Marx saw political emancipation as a step toward human emancipation from exploitation and violence of us all toward others—emancipation from depending on some of us being entitled to punish or exploit others more than they are entitled to punish or exploit us for our social sins—as a historical step from political to transformation of the culture of power over others into power sharing.  I see political and cultural transformation as interdependent, as in Norway, where sustained mass decarceration in the 19th century followed sustained demilitarization as the Napoleonic War ended and Norway became independent from Denmark, six centuries after Viking colonization had reached its peak.

I think Marx (Chairman Mao in China too, for that matter) was wrong in supposing that political and cultural transformation of oppression and violence are necessarily, historically sequential.  In Norway, for example, low rates of incarceration coincide with democratization of adult-child relations at home and in school (including a ban on corporal punishment by anyone, anywhere).  I postulate that changes in the ways we respond to conflict and violence in any social setting can become well learned and fruitful enough to generalize to any and all of our relations.  So it is that in formally cooperative structures, decision-making can be hierarchical and discipline punitive, while in formally hierarchical organizations, decision-making can be cooperative and discipline restorative.  This is so because in reality there is considerable diversity among us in how we respond to problems we have with each other, although in a political culture as hierarchical and punitive as the US, it is the formally cooperative or democratic structures that are most likely to be corrupted by the drive to establish order of some over others.  Indeed in a political culture where domination and punishment prevail over power-sharing, power corrupts, and in my country, prosecutors are notoriously “tough on crime.”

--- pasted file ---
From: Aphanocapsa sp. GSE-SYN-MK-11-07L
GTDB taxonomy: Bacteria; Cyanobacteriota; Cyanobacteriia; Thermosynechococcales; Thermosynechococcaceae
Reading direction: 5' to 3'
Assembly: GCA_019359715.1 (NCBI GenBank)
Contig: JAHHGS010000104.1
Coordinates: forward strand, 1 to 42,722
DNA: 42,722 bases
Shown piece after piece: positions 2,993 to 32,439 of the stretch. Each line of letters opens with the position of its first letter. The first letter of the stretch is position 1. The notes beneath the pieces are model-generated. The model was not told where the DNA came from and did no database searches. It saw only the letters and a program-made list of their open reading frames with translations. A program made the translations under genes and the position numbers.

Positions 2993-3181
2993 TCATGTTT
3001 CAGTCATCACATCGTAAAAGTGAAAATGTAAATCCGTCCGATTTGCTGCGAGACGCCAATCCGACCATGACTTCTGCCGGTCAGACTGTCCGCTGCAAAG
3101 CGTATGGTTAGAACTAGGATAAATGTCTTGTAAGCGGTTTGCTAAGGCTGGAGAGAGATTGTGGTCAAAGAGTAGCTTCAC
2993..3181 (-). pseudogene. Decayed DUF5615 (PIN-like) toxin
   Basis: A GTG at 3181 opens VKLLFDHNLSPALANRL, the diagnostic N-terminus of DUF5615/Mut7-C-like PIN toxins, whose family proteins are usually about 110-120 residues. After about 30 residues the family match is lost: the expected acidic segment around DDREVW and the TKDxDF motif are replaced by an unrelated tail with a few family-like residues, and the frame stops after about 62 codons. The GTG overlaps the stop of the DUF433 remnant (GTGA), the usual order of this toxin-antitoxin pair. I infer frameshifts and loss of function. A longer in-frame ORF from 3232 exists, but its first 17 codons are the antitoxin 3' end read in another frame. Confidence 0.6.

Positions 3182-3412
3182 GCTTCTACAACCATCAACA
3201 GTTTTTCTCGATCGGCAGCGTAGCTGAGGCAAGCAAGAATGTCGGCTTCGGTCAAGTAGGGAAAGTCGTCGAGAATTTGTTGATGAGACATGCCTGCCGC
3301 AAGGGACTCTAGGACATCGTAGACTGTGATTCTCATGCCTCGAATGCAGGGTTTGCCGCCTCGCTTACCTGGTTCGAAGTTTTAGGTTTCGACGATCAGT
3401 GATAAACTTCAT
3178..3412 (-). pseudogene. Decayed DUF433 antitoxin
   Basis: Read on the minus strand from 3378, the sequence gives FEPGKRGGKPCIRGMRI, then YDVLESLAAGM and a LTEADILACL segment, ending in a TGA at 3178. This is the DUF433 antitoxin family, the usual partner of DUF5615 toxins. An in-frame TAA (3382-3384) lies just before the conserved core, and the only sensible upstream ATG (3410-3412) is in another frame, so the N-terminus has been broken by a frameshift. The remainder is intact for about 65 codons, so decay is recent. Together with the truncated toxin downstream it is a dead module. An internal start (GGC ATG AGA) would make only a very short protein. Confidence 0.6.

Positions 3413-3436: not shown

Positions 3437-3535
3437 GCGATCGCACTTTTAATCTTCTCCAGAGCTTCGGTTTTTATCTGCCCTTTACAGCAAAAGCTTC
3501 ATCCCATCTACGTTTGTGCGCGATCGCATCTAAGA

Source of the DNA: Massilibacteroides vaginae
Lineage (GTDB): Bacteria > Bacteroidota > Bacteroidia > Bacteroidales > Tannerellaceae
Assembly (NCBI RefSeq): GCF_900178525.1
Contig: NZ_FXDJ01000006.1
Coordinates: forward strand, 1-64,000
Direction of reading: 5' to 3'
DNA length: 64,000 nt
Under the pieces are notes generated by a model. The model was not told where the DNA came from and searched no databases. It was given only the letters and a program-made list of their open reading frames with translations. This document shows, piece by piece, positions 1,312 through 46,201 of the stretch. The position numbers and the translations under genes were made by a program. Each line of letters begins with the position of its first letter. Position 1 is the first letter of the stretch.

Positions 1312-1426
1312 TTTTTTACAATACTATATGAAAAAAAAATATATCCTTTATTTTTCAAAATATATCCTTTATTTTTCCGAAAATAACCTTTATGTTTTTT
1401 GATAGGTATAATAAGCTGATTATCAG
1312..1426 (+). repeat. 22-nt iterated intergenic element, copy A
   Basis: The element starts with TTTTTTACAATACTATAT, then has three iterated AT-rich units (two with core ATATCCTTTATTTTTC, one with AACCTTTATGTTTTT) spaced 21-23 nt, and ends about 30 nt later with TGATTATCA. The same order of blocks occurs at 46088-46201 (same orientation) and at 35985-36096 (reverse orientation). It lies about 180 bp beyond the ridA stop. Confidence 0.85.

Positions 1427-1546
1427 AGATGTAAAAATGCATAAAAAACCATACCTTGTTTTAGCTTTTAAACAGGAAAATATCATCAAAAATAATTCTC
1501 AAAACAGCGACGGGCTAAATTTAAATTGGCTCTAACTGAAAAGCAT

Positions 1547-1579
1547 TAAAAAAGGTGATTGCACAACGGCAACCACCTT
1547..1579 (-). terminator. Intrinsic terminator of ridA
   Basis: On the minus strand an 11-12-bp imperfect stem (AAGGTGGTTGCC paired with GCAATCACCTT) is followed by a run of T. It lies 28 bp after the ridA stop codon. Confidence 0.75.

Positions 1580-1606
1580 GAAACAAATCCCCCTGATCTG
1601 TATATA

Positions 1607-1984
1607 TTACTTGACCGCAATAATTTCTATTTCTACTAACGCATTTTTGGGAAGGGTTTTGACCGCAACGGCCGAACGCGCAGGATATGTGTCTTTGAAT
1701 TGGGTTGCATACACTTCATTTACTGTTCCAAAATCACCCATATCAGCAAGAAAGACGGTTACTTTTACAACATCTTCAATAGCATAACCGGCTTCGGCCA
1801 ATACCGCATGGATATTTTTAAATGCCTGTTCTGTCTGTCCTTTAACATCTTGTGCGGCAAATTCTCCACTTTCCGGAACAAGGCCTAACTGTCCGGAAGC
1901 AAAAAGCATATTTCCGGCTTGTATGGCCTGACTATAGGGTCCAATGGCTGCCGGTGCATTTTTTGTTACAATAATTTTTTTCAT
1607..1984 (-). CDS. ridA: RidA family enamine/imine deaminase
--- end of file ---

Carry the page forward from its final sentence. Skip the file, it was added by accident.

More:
I am devoted to identifying and celebrating cultural transformation—defiance of political expectations—where I come upon it.  It happens that in US common-law based criminal justice systems, prosecutors occupy the structurally most central, most powerful discretion over whether incarceration grows or declines.  The substantial, continuing mass reduction of incarceration in Colorado’s 3rd Judicial District demonstrates the potential prosecutors have to transform the entire system of incarceration.  It shows that when prosecutors pursue that vision, their constituents become energized to support them, and to become party to making incarceration unnecessary, as they become safer together.  Lo and behold, the kind of prosecution I call peacemaking works.  Prosecutors take note: I can also make you pretty popular in a community that working together, makes you all become safer and more secure.

From the time I became a student public defender in law school until Christian became one, I never imagined I could feel professionally close to and admiring of a prosecutor’s work, one whose professional relations mirror the relations he and Katy have with their children.  What a wonderful surprise.  May the peacemaking path that Todd, Christian and the staff of the district attorney’s office here in southwest Colorado have taken, and the community support they have received, inspire prosecutors elsewhere to do likewise if they have not, and inspire us of the general public to recognize and appreciate those who have.  In prosecution as in everyday relations, peacemaking works, and where it prevails, we decarcerate…and it works for all of us.  Thank you Christian.  Love and peace, hal

1 comment:

  1. The Durango Herald election report for Christian Champagne: